The online format brought new drama. Chinese player Ding Liren, ranked third globally, had to find technical workarounds to participate in the tournaments because China blocks gaming sites like Chess24, which hosted the Magnus Tour. Ding struggled through regular disconnections and had to play in the wee hours because of time zone differences.

A new online rivalry developed through that tour between Carlsen and one of the top American players, Hikaru Nakamura. They’ve had exciting showdowns during the online tournaments, and Nakamura seemed to be one of the few who could rattle Carlsen. Nakamura is one of the biggest internet chess celebrities, with millions tuning in to his Twitch streams during the pandemic. In September Nakamura became one of the first chess players to sign with an e-sports agency.

He stoked chess interest by training other Twitch stars in chess and then hosting competitions. Like Raina’s channel, Nakamura’s is fun to watch because it mixes genius brains like his with regular people trying to learn chess. But Nakamura also thinks the quick games online make for better viewing.

“Because you have winners and losers, more people will follow it even if they can’t necessarily understand what exactly is going on,” Nakamura told the gaming news site Kotaku. (By contrast, most high-level classical chess games end in ties.)

Kotaku, the gaming site, worried moving chess online would open the game up to the internet’s “toxicity.” But from my hours of watching chess online, I would say that toxicity isn’t immediately evident.

From the professional commentary to the banter among players, chess seems to be one of the purer corners of the internet in many ways (if you don’t read the comments!). Some moments in online tournaments were almost a mockery of the toxicity of the internet: During one tournament, a blind musician, Oleg Akkuratov, sang and played jazz while the players were thinking between moves.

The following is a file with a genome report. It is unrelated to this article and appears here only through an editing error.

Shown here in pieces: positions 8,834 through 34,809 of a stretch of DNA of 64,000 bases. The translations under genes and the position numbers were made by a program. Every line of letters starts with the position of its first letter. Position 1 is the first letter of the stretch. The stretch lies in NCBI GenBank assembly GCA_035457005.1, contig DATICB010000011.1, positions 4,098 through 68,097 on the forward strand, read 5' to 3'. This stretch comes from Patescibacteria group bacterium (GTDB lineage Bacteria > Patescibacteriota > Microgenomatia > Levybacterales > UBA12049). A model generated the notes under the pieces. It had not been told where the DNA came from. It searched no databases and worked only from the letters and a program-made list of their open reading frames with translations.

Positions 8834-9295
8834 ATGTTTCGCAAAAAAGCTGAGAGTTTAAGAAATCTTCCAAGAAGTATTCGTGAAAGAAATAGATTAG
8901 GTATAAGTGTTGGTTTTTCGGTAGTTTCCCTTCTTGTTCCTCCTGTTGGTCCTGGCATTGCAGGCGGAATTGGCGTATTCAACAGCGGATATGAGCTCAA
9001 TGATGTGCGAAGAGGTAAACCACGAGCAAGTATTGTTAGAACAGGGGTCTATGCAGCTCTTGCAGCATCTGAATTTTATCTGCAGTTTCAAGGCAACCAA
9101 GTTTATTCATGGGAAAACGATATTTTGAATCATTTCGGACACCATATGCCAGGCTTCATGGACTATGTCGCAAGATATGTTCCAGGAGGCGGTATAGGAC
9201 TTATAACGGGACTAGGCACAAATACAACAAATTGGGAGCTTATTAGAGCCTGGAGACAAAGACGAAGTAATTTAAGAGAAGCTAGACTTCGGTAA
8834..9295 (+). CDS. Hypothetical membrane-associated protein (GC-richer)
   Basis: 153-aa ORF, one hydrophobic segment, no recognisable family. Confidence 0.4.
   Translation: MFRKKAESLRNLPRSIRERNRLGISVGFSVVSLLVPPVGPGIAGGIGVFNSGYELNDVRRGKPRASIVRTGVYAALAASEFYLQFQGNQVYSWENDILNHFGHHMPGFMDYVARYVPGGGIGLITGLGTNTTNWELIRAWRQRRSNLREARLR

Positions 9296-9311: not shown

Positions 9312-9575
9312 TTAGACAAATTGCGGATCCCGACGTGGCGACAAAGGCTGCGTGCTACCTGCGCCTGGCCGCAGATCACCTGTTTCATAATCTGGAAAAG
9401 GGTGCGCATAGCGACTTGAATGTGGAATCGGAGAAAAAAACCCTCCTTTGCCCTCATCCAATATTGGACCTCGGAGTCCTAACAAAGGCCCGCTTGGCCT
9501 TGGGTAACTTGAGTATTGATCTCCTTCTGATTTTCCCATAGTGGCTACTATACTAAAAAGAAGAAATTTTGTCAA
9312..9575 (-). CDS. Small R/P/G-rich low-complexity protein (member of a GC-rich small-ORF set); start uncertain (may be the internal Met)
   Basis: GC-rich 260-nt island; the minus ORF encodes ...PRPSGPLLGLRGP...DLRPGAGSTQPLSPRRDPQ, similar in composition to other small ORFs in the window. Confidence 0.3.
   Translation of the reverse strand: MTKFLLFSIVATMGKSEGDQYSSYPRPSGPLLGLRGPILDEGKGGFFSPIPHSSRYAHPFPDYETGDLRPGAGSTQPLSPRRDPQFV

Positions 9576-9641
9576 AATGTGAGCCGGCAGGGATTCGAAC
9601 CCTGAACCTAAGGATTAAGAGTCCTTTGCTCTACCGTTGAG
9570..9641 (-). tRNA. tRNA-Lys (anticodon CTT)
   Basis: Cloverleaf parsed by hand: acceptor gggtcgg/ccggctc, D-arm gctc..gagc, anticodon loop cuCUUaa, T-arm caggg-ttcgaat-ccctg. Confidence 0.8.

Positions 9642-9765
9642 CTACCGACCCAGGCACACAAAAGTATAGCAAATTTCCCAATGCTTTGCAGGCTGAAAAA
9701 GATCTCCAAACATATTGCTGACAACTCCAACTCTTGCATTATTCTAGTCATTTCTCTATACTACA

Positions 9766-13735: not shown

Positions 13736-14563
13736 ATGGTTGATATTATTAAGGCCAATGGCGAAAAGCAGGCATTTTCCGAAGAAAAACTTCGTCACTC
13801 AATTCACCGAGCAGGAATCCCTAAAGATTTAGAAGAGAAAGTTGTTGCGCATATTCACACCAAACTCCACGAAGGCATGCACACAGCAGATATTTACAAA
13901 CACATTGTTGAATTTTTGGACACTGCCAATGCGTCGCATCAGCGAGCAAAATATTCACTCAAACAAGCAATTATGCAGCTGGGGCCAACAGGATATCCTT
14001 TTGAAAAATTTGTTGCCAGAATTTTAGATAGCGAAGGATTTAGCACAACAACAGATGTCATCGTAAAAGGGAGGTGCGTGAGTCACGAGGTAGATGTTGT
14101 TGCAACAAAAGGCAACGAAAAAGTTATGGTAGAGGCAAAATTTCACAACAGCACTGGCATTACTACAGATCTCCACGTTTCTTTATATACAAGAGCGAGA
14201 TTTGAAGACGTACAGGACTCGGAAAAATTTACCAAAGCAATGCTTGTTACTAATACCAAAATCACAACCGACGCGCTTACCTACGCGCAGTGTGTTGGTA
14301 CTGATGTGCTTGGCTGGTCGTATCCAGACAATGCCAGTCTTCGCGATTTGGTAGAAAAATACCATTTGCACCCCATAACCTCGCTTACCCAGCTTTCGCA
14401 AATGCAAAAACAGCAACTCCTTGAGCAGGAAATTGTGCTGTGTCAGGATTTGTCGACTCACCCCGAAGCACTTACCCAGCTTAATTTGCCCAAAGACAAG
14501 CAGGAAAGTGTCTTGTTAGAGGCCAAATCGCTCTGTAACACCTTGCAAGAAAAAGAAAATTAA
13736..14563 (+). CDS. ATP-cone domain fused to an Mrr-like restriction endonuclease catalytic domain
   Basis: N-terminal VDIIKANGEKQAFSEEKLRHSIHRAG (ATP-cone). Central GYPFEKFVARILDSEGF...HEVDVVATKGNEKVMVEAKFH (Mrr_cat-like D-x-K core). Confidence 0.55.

But one element of toxicity has come up as the game has moved online: cheating. In October, Chess.com issued a lifetime ban on Armenian grandmaster Tigran Petrosian after its “fair play team” determined he had cheated in an online tournament. His team, the Armenia Eagles, was disqualified after initially beating out the Americans, the Saint Louis Arch Bishops, for a $20,000 prize. Cheating in chess usually means using a computer chess engine to determine best moves.

And speaking of internet toxicity, after the cheating accusation first appeared from American player Wesley So, Petrosian published a long, insulting rant against So. Maybe the culture of streaming platforms will drag chess into this kind of drama, but the current top players are all very likable and not given to brashness.

For example: The top American player and No. 2 in the world, Fabiano Caruana, is soft-spoken and universally acknowledged as a nice guy. He has played in the major online tournaments but said at the first in-person tournament in Norway in October that he wanted to see “a balance between online and classical. Right now unfortunately we can only really play online chess.”

Whatever the drawbacks of internet culture and rapid chess, the pandemic has brought in a new generation of chess fans. Sometimes that fandom comes at the expense of homework.

In a comment beneath the 1½-hour YouTube video featuring Raina and Carlsen, Suryam Agarwal wrote, “I don’t know anything about chess, I have many assignments left to do, still I watched the whole video.”

Emily Belz

Emily is a senior reporter for WORLD Magazine. She is a World Journalism Institute graduate and previously reported for the New York Daily News, The Indianapolis Star, and Philanthropy magazine. Emily resides in New York City.